Alibaba’s move reflects a broader trend in the tech industry, particularly in the deep tech industry, where commercial entities often partner with academic institutions to advance scientific research.

According to The Quantum Insider’s China’s Quantum Computing Market brief, Alibaba is a diverse tech conglomerate that has been active in quantum since 2015. The company’s Quantum Lab Academy teaching employees and students about the prospects of quantum computing. Alibaba’s Quantum Laboratory is a full-stack R&D service offering an 11-qubit quantum cloud platform. According to some reports, Alibaba invested about $15 billion into emerging technologies such as quantum.

PASQAL announced the launch of a $90 million quantum technology initiative over five years in Sherbrooke, Quebec.

The project includes quantum computer manufacturing and commercialization activities, as well as research and development.

Officials expect the creation of 53 jobs.

PRESS RELEASE — PASQAL, a leader in the development of neutral-atom quantum computers, announced the launch of a $90 million quantum technology initiative over five years in Sherbrooke, Quebec. The project aims to conduct manufacturing and commercialization activities for quantum computers, as well as research and development in collaboration with academic and industrial partners in quantum computing within DistriQ, a quantum innovation zone. The goal of this innovation zone is to establish Sherbrooke as an internationally renowned quantum hub. The Government of Quebec is providing a $15 million loan in connection with this investment project for the establishment of PASQAL SAS’s subsidiary in the quantum innovation zone, DISTRIQ, based in Sherbrooke. Moreover, the project is expected to create 53 permanent jobs over the course of five years.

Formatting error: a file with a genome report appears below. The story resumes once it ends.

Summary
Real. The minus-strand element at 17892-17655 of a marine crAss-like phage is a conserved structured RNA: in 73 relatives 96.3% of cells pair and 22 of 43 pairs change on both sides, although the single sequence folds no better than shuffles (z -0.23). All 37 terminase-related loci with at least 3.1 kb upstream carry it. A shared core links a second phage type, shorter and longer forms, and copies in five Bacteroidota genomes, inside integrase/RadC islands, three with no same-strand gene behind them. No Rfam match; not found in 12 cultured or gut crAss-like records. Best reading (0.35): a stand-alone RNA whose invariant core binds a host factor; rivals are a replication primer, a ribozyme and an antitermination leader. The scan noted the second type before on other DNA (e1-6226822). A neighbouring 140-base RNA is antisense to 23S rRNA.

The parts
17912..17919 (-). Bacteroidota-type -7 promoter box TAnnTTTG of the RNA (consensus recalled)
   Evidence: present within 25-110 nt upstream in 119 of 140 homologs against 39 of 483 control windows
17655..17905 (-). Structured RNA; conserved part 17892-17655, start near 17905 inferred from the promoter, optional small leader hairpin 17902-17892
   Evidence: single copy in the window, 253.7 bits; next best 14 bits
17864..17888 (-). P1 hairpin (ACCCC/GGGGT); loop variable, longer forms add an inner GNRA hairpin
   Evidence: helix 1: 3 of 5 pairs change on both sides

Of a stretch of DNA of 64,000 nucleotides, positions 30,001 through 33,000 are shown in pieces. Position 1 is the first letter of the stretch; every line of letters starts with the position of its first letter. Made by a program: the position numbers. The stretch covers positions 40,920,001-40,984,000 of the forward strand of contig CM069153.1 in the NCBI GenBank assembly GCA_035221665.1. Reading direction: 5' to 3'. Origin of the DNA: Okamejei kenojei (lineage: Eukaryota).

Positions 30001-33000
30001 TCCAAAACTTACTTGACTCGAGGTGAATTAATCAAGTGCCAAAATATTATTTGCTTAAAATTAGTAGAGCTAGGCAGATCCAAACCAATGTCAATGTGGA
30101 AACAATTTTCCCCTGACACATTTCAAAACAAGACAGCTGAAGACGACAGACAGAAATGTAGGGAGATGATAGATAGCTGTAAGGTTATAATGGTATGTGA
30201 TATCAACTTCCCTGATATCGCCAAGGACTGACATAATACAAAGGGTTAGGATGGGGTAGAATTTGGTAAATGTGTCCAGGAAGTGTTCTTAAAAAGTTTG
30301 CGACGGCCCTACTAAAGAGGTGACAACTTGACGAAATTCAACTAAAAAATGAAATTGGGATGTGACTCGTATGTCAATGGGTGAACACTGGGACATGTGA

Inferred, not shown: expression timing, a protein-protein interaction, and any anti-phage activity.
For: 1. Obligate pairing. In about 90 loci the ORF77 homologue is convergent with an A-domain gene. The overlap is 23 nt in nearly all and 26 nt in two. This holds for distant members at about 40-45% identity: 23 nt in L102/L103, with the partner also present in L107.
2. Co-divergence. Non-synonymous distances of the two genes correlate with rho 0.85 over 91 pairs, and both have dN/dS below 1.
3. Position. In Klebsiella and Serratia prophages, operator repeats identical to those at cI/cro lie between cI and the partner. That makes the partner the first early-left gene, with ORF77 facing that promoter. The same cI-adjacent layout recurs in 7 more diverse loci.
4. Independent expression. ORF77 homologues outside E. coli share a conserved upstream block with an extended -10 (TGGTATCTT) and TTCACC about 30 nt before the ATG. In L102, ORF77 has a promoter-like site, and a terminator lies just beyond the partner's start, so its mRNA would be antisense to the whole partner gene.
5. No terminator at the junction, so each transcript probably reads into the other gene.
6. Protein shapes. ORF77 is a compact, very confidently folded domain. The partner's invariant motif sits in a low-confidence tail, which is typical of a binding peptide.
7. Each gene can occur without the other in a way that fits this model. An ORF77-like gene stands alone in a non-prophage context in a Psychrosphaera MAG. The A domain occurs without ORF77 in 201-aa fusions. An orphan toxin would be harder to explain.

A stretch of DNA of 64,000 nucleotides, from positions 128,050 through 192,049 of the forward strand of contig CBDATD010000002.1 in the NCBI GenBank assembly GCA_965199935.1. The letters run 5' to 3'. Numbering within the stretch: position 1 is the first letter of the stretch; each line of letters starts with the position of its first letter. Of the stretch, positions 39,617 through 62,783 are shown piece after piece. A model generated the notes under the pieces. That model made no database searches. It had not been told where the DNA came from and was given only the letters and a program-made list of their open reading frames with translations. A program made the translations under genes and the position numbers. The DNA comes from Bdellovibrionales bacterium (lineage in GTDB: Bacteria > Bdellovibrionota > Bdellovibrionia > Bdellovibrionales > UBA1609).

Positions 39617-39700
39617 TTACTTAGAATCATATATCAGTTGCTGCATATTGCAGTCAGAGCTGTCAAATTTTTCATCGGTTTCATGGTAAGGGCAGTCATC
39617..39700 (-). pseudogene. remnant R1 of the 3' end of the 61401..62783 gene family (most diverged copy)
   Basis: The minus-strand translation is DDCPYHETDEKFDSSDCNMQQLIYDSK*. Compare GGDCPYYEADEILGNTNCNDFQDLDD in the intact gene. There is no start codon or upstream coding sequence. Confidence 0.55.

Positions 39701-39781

Inauguration of Espace Quantique 1: A New Era for Quantum Computing

On November 24, during an official ceremony, the Premier of Quebec, François Legault, officially announced the opening of Espace Quantique 1 alongside the Minister of Economy, Innovation, and Energy, and the Minister responsible for Regional Economic Development and the Minister for the Metropolis and the Montreal Region, Mr. Pierre Fitzgibbon. The CEO of PASQAL, Georges-Olivier Reymond, Chief Technical Officer Loïc Henriet, co-founders Christophe Jurczak and Nobel Prize laureate Alain Aspect, were also present.

Strategic Collaboration between PASQAL and Investissement Québec